Quanah Parker was the most feared of the Comanche Indian chiefs on the Texas frontier. He was half white and half Comanche, he was taller and stronger and faster and
more clever than any other chief of his time.
The fact that he never lost a battle to soldiers who relentlessly pursued him.
The fact that he was a ghost on the high plains and disappeared into thin air, even as he was chased in the bright Panhandle sun.
The fact that he was devastatingly handsome and could have graced the cover of one of those steamy, Western Romance Novels.
The fact that he was the last Comanche chief to decide on his own, without being defeated militarily, to move to the reservation.
is not the point of this story.
This is a love story, but not a love story for Valentine’s Day. This is a story more appropriate for Mother’s Day.
Quanah’s, mother, Cynthia Ann Parker, was abducted by Comanche raiders on the Texas frontier when Cynthia Ann
was 9. She was raised as a Comanche and married Chief Nocona. She had three children, the oldest of which was
Quanah. Cynthia Ann was eventually “discovered” by white men who traded with the Comanches. Her family, having searched
for her for years, quickly organized a ransom offer. The Comanches would not sell her. No matter how much they offered, they would not
sell her. This was because Cynthia Ann did not want to go. Though born white, she was now culturally Comanche, the wife of a chief, with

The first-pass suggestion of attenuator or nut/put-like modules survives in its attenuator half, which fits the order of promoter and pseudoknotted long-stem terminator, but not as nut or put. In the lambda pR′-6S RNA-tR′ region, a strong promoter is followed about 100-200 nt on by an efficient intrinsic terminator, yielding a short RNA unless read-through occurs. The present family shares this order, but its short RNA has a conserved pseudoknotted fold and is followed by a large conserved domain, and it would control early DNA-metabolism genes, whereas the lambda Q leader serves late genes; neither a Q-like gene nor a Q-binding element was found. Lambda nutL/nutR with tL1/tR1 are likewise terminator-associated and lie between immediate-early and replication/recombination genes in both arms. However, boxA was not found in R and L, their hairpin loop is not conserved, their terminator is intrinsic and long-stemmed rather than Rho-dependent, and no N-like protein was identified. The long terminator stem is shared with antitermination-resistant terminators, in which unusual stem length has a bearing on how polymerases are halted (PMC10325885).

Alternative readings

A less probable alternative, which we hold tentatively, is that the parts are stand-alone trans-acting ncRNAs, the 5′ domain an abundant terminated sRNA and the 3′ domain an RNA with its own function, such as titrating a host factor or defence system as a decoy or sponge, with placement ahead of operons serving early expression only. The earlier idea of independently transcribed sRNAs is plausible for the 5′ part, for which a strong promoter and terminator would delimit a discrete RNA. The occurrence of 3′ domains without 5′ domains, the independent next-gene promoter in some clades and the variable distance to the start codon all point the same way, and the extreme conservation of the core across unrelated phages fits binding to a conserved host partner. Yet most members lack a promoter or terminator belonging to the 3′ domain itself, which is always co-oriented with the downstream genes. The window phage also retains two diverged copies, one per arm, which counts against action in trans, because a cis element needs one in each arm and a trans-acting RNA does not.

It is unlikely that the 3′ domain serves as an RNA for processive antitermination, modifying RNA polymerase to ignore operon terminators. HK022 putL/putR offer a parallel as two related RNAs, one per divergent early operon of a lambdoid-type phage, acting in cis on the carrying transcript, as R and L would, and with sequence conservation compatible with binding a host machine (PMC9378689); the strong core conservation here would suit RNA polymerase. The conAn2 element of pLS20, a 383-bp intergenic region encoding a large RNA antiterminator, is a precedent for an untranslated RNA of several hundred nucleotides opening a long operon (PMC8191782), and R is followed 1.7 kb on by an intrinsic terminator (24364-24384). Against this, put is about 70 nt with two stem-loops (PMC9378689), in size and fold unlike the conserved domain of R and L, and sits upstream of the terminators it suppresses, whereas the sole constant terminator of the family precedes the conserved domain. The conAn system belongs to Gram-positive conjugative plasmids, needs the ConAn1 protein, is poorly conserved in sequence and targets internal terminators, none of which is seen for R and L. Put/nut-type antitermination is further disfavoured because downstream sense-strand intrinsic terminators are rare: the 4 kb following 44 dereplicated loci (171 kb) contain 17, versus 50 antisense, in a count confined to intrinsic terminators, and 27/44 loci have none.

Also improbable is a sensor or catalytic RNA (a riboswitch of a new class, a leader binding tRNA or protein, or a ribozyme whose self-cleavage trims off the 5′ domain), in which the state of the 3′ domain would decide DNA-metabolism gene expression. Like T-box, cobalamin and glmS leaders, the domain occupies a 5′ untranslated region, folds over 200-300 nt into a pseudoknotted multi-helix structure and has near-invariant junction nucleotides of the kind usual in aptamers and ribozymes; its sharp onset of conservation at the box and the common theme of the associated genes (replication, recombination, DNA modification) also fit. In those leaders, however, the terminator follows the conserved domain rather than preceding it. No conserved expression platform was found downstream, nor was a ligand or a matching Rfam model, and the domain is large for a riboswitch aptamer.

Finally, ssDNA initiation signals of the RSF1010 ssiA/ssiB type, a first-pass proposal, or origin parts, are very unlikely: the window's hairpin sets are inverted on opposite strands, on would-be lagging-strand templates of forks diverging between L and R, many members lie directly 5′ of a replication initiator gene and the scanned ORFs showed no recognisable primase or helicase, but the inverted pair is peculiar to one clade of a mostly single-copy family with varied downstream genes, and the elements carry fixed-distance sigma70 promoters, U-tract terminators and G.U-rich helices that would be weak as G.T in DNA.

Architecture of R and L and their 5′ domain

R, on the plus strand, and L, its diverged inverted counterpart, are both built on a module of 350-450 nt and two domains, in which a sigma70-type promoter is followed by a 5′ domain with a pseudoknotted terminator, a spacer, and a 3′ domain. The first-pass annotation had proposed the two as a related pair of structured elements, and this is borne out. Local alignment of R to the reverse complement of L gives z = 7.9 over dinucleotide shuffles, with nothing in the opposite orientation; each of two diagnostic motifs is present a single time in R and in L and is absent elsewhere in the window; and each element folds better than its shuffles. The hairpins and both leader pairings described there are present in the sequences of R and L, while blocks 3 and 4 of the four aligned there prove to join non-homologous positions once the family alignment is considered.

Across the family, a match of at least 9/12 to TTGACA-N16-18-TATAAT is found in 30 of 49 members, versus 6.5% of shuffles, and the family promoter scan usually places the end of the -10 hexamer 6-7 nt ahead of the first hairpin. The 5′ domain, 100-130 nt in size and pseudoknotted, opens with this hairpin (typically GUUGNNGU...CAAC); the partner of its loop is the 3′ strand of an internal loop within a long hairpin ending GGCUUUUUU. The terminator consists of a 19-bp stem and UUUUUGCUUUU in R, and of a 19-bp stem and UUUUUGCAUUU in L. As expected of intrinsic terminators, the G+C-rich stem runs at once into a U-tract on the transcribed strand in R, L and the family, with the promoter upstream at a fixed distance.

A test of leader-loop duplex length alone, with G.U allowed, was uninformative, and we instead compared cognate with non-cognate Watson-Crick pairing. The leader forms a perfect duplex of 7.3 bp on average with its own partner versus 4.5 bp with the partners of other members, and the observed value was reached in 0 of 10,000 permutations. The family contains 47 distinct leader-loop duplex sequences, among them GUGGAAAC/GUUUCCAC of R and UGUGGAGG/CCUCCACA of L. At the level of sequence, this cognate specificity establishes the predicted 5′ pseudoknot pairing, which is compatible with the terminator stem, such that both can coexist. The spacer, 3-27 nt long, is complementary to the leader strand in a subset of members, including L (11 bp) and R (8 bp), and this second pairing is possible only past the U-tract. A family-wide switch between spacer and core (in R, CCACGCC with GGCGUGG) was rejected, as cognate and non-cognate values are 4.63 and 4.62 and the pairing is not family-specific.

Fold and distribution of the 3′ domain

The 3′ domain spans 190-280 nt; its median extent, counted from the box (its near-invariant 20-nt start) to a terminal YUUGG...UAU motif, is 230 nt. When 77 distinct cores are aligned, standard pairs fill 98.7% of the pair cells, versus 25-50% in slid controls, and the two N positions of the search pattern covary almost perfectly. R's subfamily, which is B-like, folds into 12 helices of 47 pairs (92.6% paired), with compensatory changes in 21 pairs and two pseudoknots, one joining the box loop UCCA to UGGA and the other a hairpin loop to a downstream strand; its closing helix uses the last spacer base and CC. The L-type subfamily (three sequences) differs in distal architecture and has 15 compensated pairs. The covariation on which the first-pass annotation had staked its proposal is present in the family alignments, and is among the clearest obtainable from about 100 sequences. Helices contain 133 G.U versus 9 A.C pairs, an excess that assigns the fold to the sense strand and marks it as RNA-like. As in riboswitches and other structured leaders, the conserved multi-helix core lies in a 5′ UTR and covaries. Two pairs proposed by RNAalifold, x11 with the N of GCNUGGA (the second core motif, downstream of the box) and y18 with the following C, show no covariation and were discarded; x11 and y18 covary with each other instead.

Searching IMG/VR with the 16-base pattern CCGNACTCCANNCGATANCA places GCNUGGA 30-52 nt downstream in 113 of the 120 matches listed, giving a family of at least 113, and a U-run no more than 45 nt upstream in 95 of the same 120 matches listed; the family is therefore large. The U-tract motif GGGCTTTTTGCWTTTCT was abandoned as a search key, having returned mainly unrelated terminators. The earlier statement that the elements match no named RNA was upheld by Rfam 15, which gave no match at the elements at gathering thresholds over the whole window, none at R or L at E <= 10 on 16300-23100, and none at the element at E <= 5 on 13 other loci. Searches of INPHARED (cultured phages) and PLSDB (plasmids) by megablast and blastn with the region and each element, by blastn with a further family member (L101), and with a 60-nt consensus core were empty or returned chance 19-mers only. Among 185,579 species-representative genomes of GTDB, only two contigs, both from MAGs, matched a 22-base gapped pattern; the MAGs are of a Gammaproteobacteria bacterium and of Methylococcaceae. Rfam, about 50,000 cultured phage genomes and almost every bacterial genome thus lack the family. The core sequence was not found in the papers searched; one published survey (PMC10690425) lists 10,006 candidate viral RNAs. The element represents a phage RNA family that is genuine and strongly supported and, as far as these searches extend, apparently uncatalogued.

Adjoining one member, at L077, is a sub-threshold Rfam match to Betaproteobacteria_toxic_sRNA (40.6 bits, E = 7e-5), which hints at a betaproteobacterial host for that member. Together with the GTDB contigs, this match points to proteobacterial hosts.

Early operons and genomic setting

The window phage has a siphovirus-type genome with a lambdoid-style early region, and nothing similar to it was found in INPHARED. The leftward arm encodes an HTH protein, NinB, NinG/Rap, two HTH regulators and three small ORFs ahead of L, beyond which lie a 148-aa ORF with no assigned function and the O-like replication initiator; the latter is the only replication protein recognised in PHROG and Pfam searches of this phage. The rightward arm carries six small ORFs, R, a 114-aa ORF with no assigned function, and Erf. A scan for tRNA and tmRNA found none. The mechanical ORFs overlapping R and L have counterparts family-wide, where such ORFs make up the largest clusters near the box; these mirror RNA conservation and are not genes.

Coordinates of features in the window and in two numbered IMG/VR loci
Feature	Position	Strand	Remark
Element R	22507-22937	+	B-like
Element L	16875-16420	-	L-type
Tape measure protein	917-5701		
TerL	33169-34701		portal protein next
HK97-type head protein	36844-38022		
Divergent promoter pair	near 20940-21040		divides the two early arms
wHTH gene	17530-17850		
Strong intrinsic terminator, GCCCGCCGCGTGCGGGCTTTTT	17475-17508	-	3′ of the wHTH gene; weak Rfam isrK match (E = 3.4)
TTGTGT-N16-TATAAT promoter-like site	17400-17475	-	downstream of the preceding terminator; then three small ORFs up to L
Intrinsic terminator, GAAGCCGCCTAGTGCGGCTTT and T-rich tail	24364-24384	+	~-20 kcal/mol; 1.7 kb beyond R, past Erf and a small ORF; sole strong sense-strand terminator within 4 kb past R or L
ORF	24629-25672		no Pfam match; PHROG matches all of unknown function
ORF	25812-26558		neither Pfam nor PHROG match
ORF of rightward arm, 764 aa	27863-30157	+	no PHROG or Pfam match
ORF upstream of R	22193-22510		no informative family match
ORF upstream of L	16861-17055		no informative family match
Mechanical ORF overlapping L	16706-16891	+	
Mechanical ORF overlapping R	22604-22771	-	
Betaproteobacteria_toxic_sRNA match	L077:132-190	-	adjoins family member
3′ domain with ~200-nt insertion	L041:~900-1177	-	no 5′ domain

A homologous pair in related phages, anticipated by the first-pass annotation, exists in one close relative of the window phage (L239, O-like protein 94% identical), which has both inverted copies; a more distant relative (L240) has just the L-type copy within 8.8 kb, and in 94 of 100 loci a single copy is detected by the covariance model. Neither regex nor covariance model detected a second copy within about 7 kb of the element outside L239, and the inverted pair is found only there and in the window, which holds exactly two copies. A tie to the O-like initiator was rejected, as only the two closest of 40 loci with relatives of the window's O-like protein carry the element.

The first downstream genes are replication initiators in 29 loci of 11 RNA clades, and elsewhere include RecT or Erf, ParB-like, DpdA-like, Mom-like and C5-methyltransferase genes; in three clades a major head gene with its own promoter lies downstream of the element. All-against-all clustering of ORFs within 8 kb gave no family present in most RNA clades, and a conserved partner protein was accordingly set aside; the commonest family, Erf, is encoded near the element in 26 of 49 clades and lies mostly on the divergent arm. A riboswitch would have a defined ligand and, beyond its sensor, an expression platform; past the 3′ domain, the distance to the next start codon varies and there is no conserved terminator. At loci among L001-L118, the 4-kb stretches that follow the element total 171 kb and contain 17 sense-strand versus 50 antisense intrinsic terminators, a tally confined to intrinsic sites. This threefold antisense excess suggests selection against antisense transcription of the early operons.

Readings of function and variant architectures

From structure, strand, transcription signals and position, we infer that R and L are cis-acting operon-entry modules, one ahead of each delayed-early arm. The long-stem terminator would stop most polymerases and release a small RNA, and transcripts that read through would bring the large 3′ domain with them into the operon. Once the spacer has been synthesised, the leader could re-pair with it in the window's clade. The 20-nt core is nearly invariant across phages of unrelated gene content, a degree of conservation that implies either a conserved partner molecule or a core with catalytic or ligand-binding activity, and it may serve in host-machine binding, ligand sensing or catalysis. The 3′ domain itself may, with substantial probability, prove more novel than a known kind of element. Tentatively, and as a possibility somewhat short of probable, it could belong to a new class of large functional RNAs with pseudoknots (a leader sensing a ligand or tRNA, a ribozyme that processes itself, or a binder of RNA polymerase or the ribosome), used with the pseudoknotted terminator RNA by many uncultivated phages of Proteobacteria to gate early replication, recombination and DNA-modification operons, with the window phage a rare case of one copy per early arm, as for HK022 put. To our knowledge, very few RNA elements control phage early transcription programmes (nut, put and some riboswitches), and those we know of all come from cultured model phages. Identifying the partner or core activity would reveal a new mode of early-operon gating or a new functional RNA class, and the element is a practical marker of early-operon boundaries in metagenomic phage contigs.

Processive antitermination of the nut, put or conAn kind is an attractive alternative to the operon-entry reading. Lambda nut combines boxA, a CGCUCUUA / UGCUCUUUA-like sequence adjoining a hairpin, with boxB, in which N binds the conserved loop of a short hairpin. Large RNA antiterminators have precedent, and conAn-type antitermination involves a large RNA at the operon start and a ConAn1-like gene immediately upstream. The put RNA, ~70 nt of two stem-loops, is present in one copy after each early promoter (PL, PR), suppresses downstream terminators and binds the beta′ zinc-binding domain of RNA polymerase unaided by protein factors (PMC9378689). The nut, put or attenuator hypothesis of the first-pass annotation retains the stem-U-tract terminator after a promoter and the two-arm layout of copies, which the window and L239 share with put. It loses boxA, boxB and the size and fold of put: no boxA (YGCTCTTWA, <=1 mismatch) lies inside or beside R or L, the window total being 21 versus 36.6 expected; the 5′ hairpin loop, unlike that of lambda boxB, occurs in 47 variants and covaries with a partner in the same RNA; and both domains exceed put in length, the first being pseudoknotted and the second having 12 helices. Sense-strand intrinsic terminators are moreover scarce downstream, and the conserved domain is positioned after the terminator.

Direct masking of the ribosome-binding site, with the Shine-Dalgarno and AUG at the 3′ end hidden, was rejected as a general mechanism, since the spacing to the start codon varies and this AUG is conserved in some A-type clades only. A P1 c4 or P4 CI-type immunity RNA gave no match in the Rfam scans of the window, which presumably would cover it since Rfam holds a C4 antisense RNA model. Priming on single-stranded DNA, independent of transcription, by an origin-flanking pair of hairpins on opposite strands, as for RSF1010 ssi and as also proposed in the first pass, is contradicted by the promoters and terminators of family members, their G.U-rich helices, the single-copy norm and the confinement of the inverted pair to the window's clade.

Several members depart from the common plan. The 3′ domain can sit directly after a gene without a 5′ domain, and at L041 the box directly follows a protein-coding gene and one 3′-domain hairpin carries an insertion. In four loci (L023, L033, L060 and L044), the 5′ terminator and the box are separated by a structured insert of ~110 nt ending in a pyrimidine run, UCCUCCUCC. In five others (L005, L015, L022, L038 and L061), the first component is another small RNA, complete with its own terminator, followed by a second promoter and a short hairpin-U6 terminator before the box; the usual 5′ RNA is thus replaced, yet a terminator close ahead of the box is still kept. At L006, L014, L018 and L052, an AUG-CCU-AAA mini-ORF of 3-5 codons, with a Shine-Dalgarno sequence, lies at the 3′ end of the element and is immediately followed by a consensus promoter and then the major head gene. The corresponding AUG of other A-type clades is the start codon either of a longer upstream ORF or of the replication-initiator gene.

three children she loved.
Many years later, her village was attacked by soldiers, her husband was killed but her boys escaped. She was finally freed from captivity,
but she saw it as being abducted again. She never readjusted to white culture and tried many times to escape and return to her tribe.
She continued to practice her Comanche religion and rituals. She continued to dress and wear her hair in Comanche ways.
She begged to go back to her people, but she was now held captive a second time. She died relatively young, essentially of a broken heart.
Quanah lost his mother when he was 12. He longed for her all his life. When he surrendered to life on the reservation he searched for
her and was sad to learn that she had died and was buried far away. He jumped through elaborate legal hoops for many years to get her
body moved and buried on Comanche soil. In his mind she was finally home. When he died, he was buried next to her. He believed
that though separated so much in life, they would certainly be together forever in the afterlife.